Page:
By Susie Hillard Bullock


Mark Jensen has been around restaurants for as long as he can remember. Still, for a while he thought he should try to make a living doing something a bit more “serious.” So he worked on a Ph.D. in botany for several years and eventually ended up teaching at Morehead State University. 

It’s what brought him to Kentucky 18 years ago, and though he did switch careers, he never left the Bluegrass State.

For the last 18 months, he’s been the owner and executive chef at middle fork kitchen bar cq at 1224 Manchester Street in downtown Lexington. Patrons of the food truck scene may recall Fork In The Road, Mark’s food truck that he operated for three years. Prior to that, he worked in the catering business.

“Cooking the food, loading it into the truck, setting up on site, service, breaking it all down, then driving back to a commercial kitchen and unloading it at the end of every day got old,” Mark explained. Over the course of 36 months, he developed a strong following of customers and the confidence that he could be successful running his own bricks-and-mortar restaurant. 

He knew he wanted to be downtown and chose space on the Pepper campus in the historic bourbon distillery district. Two years ago, he parked the truck and began the six-month process of designing the interior and buying equipment. With help from architect Rebecca Burnworth, he served up the first meal at Middle Fork 18 months ago.

“At first, a lot of our business was people who were in Lexington on business or for other reasons,” Mark said. “The hotels were very good about recommending us to their guests.”

Those out-of-towners, especially ones from larger cities, seemed to have a greater appreciation for Middle Fork’s cuisine. As word spread about the new restaurant’s innovative kitchen, more and more local diners began showing up—and coming back— to tip the scales in the opposite direction.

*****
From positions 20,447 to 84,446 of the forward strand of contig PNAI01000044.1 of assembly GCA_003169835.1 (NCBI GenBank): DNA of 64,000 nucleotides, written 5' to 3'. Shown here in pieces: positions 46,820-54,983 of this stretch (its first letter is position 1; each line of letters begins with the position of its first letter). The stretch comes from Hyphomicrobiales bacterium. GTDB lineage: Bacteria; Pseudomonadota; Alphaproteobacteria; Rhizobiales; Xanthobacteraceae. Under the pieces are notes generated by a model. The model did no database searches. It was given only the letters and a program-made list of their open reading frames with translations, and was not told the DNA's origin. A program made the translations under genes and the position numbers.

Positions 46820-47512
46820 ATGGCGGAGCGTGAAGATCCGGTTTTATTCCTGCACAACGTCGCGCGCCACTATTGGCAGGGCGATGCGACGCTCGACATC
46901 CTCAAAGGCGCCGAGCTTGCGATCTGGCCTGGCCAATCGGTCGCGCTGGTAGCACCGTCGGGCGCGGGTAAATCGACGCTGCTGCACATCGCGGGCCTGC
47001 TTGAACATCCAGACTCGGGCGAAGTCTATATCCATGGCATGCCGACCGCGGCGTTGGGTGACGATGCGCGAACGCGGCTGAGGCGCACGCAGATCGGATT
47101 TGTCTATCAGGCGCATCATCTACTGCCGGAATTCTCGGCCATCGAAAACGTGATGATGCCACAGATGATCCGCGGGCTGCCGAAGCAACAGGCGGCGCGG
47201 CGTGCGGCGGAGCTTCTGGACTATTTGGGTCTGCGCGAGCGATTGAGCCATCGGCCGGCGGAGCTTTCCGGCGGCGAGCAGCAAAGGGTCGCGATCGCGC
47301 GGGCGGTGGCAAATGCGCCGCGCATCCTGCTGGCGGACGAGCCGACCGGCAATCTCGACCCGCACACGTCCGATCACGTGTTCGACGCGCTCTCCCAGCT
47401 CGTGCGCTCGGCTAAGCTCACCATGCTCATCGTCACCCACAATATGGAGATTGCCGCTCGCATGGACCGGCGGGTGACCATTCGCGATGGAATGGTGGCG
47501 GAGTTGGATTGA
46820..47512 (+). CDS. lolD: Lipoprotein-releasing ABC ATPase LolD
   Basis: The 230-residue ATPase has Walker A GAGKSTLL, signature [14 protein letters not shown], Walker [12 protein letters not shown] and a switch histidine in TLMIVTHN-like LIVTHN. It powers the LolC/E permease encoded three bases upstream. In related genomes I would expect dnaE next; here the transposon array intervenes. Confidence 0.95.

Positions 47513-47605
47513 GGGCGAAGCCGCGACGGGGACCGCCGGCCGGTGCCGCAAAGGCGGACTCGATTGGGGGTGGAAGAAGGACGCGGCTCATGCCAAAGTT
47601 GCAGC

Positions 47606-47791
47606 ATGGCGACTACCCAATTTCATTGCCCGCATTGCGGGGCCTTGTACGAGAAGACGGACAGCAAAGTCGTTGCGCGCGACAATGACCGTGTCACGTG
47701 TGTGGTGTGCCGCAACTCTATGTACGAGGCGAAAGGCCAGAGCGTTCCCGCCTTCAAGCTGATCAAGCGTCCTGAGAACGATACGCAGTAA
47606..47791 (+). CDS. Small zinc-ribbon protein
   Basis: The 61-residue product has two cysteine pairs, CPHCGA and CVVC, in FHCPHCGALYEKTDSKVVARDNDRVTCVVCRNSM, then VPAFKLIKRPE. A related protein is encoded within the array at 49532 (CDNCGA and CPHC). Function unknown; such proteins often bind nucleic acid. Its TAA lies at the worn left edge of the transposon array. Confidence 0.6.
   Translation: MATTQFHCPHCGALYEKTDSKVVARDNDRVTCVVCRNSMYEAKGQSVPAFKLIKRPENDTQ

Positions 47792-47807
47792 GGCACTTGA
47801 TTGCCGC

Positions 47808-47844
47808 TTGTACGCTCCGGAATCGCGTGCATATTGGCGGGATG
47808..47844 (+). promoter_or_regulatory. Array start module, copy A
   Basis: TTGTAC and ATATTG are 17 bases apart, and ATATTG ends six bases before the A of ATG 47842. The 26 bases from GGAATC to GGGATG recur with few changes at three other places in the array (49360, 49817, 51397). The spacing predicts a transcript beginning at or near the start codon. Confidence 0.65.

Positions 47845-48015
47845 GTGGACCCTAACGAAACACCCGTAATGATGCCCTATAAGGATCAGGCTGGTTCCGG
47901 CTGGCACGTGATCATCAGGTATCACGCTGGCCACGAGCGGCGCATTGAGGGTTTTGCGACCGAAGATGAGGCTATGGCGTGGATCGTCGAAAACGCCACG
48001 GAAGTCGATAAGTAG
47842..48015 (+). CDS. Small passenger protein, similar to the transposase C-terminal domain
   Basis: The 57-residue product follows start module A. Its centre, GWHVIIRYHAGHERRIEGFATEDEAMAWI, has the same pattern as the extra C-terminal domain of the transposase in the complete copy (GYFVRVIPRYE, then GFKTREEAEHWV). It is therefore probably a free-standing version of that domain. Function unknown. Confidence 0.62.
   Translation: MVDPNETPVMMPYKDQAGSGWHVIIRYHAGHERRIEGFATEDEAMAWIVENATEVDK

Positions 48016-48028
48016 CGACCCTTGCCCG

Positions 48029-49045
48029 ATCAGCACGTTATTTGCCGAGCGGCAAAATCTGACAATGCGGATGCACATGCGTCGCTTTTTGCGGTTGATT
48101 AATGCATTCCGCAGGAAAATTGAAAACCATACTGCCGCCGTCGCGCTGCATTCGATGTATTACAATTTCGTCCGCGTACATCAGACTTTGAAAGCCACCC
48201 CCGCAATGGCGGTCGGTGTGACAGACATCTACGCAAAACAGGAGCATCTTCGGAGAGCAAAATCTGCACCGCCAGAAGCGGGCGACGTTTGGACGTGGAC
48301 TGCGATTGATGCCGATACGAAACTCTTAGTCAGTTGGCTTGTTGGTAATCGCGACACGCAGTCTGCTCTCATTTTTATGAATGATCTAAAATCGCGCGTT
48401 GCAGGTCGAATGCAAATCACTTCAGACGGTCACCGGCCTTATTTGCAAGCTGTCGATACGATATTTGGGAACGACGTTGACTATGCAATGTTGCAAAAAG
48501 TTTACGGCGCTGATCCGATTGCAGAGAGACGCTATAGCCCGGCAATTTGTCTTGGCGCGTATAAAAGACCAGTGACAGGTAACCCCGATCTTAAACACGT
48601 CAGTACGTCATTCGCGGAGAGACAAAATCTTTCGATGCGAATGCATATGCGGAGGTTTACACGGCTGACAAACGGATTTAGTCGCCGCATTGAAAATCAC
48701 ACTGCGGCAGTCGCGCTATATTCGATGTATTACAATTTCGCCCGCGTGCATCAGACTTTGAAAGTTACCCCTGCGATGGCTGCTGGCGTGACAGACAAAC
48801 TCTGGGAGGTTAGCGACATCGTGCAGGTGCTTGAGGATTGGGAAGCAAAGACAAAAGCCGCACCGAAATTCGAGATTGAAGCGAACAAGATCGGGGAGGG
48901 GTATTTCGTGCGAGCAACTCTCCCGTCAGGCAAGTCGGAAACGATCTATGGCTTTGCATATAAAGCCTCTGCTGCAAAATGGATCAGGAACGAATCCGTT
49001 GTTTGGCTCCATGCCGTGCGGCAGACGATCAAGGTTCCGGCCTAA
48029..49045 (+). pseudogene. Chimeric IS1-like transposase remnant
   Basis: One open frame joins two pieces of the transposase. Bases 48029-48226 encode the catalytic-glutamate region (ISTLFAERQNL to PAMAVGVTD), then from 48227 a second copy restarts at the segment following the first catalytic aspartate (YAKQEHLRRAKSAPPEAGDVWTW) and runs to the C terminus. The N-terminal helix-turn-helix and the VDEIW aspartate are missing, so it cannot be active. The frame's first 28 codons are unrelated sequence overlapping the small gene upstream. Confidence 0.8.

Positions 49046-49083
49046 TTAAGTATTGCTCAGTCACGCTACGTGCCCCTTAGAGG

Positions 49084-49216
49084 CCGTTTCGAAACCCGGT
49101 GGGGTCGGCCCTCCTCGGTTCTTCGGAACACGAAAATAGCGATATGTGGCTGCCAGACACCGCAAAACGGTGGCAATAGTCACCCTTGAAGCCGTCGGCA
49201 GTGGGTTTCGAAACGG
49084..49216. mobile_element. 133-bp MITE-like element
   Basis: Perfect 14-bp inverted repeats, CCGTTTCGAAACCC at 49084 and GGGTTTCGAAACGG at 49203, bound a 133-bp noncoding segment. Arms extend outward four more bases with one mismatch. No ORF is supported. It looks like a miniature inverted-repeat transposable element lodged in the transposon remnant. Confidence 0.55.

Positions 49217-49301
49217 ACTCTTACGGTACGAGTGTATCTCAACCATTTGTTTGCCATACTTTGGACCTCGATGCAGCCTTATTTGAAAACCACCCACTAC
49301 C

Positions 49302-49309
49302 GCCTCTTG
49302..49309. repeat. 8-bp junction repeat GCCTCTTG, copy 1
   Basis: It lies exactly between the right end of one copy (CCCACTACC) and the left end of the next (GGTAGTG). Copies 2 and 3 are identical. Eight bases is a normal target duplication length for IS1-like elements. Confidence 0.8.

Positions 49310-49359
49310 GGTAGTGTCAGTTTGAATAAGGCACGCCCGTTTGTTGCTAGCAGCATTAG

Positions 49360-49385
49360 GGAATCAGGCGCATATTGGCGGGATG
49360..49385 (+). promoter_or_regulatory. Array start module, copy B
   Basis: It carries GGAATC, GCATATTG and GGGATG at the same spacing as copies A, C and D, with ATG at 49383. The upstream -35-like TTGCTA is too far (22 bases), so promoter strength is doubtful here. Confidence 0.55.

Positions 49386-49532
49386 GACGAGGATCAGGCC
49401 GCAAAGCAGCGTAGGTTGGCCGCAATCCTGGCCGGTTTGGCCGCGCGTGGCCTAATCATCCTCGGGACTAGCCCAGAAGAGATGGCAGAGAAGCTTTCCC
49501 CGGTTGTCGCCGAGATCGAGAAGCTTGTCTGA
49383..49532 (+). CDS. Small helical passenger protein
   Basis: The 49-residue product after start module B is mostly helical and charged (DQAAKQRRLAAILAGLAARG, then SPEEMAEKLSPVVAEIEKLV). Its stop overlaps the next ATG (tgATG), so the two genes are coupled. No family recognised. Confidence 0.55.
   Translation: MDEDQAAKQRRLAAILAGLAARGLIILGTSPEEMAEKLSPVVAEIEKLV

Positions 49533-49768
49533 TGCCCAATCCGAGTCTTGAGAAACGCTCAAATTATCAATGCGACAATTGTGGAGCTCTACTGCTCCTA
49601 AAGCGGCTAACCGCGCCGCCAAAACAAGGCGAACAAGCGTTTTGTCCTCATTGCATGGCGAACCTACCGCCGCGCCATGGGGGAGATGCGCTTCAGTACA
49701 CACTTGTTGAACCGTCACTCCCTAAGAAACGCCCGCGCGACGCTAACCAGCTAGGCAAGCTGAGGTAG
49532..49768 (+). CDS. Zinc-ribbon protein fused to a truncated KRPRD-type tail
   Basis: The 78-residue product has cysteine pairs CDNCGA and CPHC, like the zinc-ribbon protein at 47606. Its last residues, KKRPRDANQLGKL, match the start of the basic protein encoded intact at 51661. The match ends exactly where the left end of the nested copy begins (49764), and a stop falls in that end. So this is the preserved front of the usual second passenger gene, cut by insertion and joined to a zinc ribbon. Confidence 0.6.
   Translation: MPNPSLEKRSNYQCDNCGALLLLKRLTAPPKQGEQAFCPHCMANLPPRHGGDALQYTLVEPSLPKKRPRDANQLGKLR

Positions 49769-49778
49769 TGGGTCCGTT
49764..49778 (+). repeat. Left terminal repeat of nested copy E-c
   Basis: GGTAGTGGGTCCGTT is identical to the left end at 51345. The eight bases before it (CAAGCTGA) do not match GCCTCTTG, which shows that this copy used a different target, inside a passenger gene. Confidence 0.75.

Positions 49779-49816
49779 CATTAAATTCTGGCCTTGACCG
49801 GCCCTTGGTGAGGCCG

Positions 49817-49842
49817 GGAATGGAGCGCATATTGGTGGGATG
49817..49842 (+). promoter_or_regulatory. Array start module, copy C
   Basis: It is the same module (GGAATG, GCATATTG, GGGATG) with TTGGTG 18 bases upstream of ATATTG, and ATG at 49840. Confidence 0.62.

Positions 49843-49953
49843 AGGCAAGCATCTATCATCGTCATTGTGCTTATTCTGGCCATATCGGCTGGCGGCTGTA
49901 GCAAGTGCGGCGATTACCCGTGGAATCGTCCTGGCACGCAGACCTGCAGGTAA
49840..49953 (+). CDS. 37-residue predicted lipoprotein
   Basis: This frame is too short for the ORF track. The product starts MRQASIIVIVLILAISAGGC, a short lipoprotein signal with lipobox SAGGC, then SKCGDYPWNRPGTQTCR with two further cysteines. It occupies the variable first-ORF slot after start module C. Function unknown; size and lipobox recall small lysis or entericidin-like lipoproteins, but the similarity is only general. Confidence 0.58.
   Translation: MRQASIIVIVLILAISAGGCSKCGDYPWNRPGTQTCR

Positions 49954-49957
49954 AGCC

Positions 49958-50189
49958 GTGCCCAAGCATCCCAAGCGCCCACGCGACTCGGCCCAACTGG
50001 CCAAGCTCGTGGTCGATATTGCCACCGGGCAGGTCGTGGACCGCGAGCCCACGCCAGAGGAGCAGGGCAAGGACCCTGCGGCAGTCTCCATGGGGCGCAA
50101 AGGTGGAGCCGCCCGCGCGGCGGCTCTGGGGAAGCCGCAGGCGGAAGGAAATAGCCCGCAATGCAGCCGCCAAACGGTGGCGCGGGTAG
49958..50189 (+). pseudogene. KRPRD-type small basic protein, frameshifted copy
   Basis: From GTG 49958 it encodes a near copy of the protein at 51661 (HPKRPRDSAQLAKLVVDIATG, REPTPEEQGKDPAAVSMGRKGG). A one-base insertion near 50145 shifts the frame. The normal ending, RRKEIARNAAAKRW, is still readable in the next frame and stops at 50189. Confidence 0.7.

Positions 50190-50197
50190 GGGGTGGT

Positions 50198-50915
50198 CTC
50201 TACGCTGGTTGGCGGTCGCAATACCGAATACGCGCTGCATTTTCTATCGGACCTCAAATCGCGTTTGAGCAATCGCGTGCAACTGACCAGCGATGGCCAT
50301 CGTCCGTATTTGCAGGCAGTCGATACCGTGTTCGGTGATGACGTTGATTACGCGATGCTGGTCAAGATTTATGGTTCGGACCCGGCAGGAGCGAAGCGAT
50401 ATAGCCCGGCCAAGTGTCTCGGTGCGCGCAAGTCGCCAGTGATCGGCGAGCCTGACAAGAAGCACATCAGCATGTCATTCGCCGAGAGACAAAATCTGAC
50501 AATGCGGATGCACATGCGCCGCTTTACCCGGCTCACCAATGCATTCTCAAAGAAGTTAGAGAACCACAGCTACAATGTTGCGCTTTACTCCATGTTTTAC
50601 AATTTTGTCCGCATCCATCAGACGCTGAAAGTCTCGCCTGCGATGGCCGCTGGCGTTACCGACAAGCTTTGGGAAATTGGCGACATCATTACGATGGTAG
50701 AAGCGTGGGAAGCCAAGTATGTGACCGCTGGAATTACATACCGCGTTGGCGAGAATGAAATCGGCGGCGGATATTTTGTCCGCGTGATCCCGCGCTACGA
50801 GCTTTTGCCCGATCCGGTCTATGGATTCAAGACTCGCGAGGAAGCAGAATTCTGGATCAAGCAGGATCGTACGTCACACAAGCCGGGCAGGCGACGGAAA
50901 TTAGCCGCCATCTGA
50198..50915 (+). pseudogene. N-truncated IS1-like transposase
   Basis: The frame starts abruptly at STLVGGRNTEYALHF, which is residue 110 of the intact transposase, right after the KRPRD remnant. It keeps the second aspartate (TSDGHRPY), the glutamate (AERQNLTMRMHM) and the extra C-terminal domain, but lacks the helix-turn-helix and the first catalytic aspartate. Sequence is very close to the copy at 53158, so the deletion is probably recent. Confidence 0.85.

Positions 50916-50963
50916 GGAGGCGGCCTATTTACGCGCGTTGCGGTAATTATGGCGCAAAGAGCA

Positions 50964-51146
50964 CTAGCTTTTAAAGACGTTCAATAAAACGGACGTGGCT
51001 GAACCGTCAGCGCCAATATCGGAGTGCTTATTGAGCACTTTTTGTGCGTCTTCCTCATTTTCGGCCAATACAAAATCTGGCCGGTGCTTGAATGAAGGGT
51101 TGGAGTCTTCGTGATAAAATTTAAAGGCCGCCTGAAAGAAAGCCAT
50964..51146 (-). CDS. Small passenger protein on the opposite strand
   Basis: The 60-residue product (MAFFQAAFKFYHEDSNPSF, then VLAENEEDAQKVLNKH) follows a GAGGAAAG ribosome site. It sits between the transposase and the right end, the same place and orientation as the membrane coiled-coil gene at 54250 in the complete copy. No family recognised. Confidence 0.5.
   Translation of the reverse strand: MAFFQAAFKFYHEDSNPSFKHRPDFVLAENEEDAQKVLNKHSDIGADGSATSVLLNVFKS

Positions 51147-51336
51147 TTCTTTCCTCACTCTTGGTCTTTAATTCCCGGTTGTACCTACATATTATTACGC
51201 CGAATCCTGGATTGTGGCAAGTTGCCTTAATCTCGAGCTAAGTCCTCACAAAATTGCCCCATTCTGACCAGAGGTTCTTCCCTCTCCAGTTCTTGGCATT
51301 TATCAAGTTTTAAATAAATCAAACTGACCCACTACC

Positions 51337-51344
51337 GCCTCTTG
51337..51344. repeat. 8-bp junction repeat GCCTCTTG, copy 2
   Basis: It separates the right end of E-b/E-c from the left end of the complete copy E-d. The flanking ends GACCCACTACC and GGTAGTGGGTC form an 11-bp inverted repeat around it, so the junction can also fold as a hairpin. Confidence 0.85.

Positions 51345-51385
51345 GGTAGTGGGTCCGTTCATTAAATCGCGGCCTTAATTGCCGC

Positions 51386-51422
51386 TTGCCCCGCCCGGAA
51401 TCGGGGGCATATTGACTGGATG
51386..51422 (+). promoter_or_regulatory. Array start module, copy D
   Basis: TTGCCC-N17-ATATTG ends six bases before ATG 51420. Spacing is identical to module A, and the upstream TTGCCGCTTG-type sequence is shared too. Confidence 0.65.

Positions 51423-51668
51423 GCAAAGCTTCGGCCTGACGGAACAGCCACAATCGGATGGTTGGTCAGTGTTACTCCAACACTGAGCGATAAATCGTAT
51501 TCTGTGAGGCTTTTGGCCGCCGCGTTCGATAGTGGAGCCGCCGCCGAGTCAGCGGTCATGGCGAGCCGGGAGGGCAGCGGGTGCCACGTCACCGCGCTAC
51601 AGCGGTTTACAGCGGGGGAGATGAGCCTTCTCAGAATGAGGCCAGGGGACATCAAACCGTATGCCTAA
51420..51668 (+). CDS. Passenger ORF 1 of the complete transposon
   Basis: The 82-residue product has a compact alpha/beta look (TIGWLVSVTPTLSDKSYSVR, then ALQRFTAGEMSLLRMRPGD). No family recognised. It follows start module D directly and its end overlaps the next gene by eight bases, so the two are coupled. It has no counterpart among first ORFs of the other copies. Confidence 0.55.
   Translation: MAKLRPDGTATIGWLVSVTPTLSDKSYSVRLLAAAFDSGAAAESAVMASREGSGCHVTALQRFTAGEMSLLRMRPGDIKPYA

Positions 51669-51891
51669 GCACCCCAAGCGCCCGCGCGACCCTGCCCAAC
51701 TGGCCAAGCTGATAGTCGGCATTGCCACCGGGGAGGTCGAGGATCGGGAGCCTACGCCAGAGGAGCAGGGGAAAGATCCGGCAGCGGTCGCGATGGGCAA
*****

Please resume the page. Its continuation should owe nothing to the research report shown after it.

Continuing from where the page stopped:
Mark takes pride in local farmers and supports them by buying meat and vegetables from them. He and his team change the menu weekly and quarterly to keep things interesting and to take advantage of the day-to-day and seasonal harvest.

All meat—lamb, duck, sausage, beef, chicken-- is cooked over an open flame fed by wood stacked on the patio. Seafood is flown in overnight from Florida and Alaska. “We prepare everything with fresh, quality ingredients,” Mark said.

“Even though we change our menu with the seasons, there are a few dishes we simply can not change,” he continued. “ Our fire roasted chicken and mirin-lime braised pork belly are on the menu year around-- both really delicious and representing different sides of our cooking style. The chicken is farmhouse-rustic while the pork belly is a little more urbane and complex. I'm very thankful for the great response people have to them.”

People who have trouble deciding which dessert to order love Middle Fork. The only decision is whether to order a smaller plate or a larger board that contains a little of everything.

Middle Fork will offer “Seasonal Sunday Suppers” after the holidays. Mark just discontinued “Comfortably Late Breakfast” at 11 a.m. Sunday; it will return in the fall. 

When the weather is nice, diners can catch a glimpse of the Town Branch, otherwise named the Middle Fork of the Elkhorn River, from the patio. Lexington was founded there in 1775. 

Middle Fork is open from 5-10 pm daily except Wednesday.